ELLIS, LEON FRANCIS Name: Leon Francis Ellis Rank/Branch: O3/United States Air Force Unit: 390th TFS Date of Birth: 09 October 1943 Home City of Record: Commerce GA Date of Loss: 07 November 1967 Country of Loss: North Vietnam Loss Coordinates: 174500 North 1062500 East Status (in 1973): Returnee Category: Aircraft/Vehicle/Ground: F4C Missions: 53 Other Personnel in Incident: Kenneth Fisher, returnee Source: Compiled by P.O.W. NETWORK from one or more of the following: raw data from U.S. Government agency sources, correspondence with POW/MIA families, published sources, interviews. 2015 REMARKS: 730314 RELEASED BY DRV
SOURCE: WE CAME HOME copyright 1977 Captain and Mrs. Frederic A Wyatt (USNR Ret), Barbara Powers Wyatt, Editor P.O.W. Publications, 10250 Moorpark St., Toluca Lake, CA 91602 Text is reproduced as found in the original publication (including date and spelling errors). UPDATE - 09/95 by the P.O.W. NETWORK, Skidmore, MO LEON F. ELLIS,JR. Captain- United States Air Force Shot Down: November 7, 1967 Released: March 14, 1973 I was born on October 9, 1943 and from the age of one lived on a small farm in Northeast Georgia located about nine miles from Athens and nine miles from Commerce At Commerce High School, I played all sports and was quarterback on the football team. I was selected as STAR Student during my senior year and graduated from high school in 1961. That fall I entered the University of Georgia and four years later received a Bachelor of Arts degree with a major in History; I was a distinguished military graduate and received a commission as a Second Lieutenant upon graduation. Shortly thereafter, I entered flight school at Moody AFB, Georgia. I received my wings in August 1966 and went to George AFB, California for training in the F4C Phantom jet fighter-bomber. In July 1967 I departed the United States for Danang AB, Republic of Vietnam and was flying from there when I was shot down November 7, 1967 on my 53rd mission over North Vietnam. It all began about 4:30 in the afternoon when we rolled in on an active flak site about 30 miles north of Dong Hoi. The aircraft was hit immediately after bomb release, and it exploded into three pieces. I ejected a few seconds later and had an exciting but gentle parachute letdown to the ground. The North Vietnamese were all around and I was captured after having time only to make a short transmission on my survival radio. Thus began a situation which would test my faith, my patience and my strength. I soon realized that although one must have short and long-term goals, he must live each day as it comes, facing each new challenge with a will to do the thing which is right. This philosophy not only strengthened me during the difficult times, but it brought and continues to bring an inner happiness never before experienced. Today, when I think back over this period in my life, I find that the mind tends to forget the bad and remember the good. I remember the close bonds of friendship that were made with fellow POW's where compassion, patience, understanding, honesty and loyalty were not just words, but a way of life. I remember the warm and sincere homecoming given by the American people and the feeling of gratitude which I had upon learning that so many had been working and praying for my welfare. I know that I shall never lose my love and appreciation for freedom, and I hope that I do not forget the responsibilities which go hand in hand with this blessing. ============== Leon Ellis Jr. retired from the United States Air Force as a Colonel. He and his wife Mary reside in Georgia.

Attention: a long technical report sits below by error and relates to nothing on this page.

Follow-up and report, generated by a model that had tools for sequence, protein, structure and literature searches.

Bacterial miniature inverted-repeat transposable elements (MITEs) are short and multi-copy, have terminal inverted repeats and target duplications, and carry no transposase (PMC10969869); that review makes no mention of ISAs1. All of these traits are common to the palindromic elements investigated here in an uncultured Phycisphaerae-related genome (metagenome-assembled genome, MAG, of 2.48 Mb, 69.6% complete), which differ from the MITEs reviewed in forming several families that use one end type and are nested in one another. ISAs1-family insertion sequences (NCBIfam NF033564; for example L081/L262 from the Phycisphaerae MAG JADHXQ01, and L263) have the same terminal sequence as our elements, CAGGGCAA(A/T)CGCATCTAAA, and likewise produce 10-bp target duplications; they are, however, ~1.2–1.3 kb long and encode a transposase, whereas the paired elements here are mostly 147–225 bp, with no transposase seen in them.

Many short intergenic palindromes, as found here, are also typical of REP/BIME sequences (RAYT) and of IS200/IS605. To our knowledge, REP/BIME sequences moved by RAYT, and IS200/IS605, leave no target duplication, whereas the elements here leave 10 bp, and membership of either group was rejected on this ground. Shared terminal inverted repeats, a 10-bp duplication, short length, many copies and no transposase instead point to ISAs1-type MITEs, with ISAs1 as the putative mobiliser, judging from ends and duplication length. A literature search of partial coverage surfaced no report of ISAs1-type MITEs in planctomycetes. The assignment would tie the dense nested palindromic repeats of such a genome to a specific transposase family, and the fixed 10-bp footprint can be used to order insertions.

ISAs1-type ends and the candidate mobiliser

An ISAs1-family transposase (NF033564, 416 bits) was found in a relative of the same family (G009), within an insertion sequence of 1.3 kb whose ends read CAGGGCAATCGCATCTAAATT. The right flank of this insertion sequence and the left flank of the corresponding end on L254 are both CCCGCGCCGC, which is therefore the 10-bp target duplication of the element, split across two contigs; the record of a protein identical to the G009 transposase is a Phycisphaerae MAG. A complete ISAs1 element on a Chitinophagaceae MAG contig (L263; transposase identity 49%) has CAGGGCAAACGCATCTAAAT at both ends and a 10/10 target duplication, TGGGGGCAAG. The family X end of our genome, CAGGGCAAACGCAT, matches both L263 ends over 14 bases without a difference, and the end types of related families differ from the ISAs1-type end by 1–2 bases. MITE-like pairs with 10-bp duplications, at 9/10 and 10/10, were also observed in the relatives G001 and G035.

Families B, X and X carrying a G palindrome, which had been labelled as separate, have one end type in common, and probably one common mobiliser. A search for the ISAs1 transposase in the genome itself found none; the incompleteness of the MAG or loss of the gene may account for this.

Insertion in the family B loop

http://freedomstarmedia.com/lee-ellis Leading with Honor Introduction - Lee Ellis
http://www.amazon.com/Leading-Honor-Leadership-Lessons-Hilton/dp/0983879303/ref=la_B006YYV0SC_1_1?ie=UTF8&qid=1365209759&sr=1-1 = THE BOOK ==========================
Written by Stephen Herzog
When Lee Ellis had his plane shot down over North Vietnam in 1967, he wasn't worried.
Planes were downed fairly regularly those days. He'd been trained on how to act in such a situation, and his equipment all worked properly upon evacuation.
"I kept pretty cool at first,"¯ said Ellis, who will be speaking in Branson this week. "It wasn't until I got captured that I went into shock."
The biggest problem was where the plane ended up — right in the middle of an enemy base.....
Earlier this month, the Daughters of American
Revolution (DAR) awarded Lee as a 2015 Distinguished Citizen Award
for his lifelong contribution to helping preserve America’s freedom. Georgia First Lady, Sandra Deal (pictured in the photo with Lee
and his wife, Mary) presented Lee with his award.
Thanks for celebrating with us, and please learn more about this worthwhile organization!